The use of trastuzumab deruxtecan (Enhertu®; Daiichi Sankyo and AstraZeneca), a new HER2-targeting antibody-drug conjugate, doubled progression-free survival (PFS) compared to standard-of-care treatment with conventional chemotherapy.
This conclusion is based on the results of the DESTINY-Breast04 study, funded by Daiichi Sankyo and AstraZeneca, which demonstrated superior and clinically meaningful progression-free survival (PFS) and overall survival (OS) in previously treated patients with HER2 low (immunohistochemistry (IHC) 1+ or IHC 2+/in-situ hybridization (ISH)-negative) unresectable and/or metastatic breast cancer, regardless of hormone receptor status (HR positive or HR negative disease), versus standard of care physician’s choice of chemotherapy.
The results of the study were presented at the annual meeting of the American Society of Clinical Oncology (ASCO), held June 3 – 7, 2022. The study results were simultaneously published in The New England Journal of Medicine (NEJM) 
The study findings are significant in that they help identify a new subset of breast cancer – called HER2-low – redefining how a large proportion of metastatic patients will be treated, and, as a results are considered practice-changing.
Antibody-drug Conjugates (ADC) are highly targeted and empowered antibodies (mAbs) designed to harness the targeting ability of monoclonal antibodies by linking them to cell-killing agents. Trastuzumab deruxtecan (T-DXd; previously known as DS-8201a) is a new ADC that links trastuzumab, a HER2 monoclonal antibody, to deruxtecan, a topoisomerase I inhibitor that interrupts DNA replication in cancer cells. The antibody trastuzumab (Herceptin®; Genentech/Roche) has been proven to be effective in cancers with high HER2 expression (called HER2-positive breast cancer) but not in cancers with low HER2 expression levels, hence trastuzumab has only been available for a subset of breast cancer patients.
In the DESTINY-Breast04 study, patients received either standard chemotherapy of the physicians’ choice (capecitabine, eribulin, gemcitabine, paclitaxel, or nab-paclitaxel), or trastuzumab deruxtecan.
The primary endpoint analyses for patients with cancers that were HER2-low and hormone receptor positive (HR+), demonstrated a 49% reduction in the risk of disease progression or death, nearly doubling the results for trastuzumab deruxtecan vs. physician’s choice of chemotherapy (hazard ratio [HR] = 0.51; 95% confidence interval [CI]: 0.40-0.64; p<0.001).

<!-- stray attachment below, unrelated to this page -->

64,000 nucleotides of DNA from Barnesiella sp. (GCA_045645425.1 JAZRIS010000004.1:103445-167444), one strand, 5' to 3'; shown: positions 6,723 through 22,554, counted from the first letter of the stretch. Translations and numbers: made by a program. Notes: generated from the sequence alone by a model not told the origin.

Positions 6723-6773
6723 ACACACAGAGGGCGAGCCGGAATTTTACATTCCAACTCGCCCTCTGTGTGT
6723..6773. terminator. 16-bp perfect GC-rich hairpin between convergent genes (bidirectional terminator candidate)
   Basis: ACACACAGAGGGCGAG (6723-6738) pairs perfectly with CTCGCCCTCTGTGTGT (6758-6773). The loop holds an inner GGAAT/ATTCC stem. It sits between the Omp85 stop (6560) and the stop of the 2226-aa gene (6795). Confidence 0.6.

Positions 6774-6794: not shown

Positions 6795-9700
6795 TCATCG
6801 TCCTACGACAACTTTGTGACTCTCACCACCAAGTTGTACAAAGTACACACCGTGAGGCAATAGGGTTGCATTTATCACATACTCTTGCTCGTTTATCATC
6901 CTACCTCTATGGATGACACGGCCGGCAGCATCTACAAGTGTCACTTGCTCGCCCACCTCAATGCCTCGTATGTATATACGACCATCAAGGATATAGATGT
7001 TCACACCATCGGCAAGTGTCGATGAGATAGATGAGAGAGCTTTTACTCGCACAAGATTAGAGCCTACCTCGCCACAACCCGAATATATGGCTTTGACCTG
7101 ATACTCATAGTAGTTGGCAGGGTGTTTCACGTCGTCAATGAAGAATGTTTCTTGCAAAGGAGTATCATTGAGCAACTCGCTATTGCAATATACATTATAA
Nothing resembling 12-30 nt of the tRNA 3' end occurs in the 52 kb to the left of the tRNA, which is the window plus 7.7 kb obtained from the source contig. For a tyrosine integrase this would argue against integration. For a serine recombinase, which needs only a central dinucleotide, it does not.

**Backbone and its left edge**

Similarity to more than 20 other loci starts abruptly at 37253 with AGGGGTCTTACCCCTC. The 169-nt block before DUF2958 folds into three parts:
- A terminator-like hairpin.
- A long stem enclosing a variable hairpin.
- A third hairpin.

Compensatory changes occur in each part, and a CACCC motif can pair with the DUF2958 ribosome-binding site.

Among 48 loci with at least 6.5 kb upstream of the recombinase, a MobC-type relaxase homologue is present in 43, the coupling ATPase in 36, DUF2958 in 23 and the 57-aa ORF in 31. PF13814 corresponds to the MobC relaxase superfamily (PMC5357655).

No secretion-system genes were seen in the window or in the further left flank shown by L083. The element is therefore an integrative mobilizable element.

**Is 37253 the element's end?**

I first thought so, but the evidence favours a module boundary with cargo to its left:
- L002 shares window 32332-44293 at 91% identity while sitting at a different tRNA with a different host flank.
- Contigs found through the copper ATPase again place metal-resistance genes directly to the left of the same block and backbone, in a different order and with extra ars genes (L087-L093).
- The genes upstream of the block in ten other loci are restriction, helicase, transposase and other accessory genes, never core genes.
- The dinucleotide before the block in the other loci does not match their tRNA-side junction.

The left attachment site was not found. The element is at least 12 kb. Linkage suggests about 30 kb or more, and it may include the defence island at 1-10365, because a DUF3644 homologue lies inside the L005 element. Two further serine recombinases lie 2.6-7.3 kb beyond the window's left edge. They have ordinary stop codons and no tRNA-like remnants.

A median Progression Free Survival (PFS) of 10.1 months (9.5-11.5) was seen in patients treated with trastuzumab deruxtecan compared to 5.4 months (4.4-7.1) with chemotherapy, as assessed by blinded independent central review (BICR).
The secondary endpoint of OS was also significantly better in the HER2-low, HR+ subgroup of patients who received trastuzumab deruxtecan compared to standard therapy. These results demonstrated a 36% reduction in the risk of death with trastuzumab deruxtecan compared to chemotherapy in patients with HR positive disease (HR = 0.64; 95% CI: 0.48-0.86; p=0.003) with a median OS of 23.9 months with trastuzumab deruxtecan (95% CI: 20.8-24.8) versus 17.5 months with chemotherapy (95% CI: 15.2-22.4).
Confirmed objective response rate (cORR) more than tripled in the trastuzumab deruxtecan arm versus the chemotherapy arm (52.6% [n=175/333; 95% CI: 47.0-58.0%] versus 16.3% [n=27/166; 95% CI: 11.0-22.8%], respectively).
Twelve (3.6%) complete responses (CR) and 164 (49.2%) partial responses (PR) were observed in patients with HR positive disease treated with trastuzumab deruxtecan compared to one (0.6%) CR and 26 (15.7%) PRs in those treated with chemotherapy. Median duration of response was 10.7 months for trastuzumab deruxtecan versus 6.8 months for chemotherapy.
Treatment-related adverse events were fewer in the trastuzumab deruxtecan group than in patients who received standard chemotherapy (52.6% vs 67.4%). This is consistent with previous clinical trials of these drugs. No new safety concerns were identified.
“Our study shows that trastuzumab deruxtecan may be a new and highly effective targeted therapy option available for this newly defined patient population,” noted lead author Shanu Modi, MD, who is a medical oncologist at Memorial Sloan Kettering Cancer Center in New York and principal investigator for the trial.
“The DESTINY-Breast04 study results show for the first time that a HER2 directed therapy can provide a survival benefit to patients with low HER2 expression, indicating we must reconsider the way we categorize patients with metastatic breast cancer,” he added.
“It is important for patients to know what level of HER2 their cancer expresses, not just whether it’s positive or negative, especially as HER2-low status can be determined using commonly available tests,” Modi added.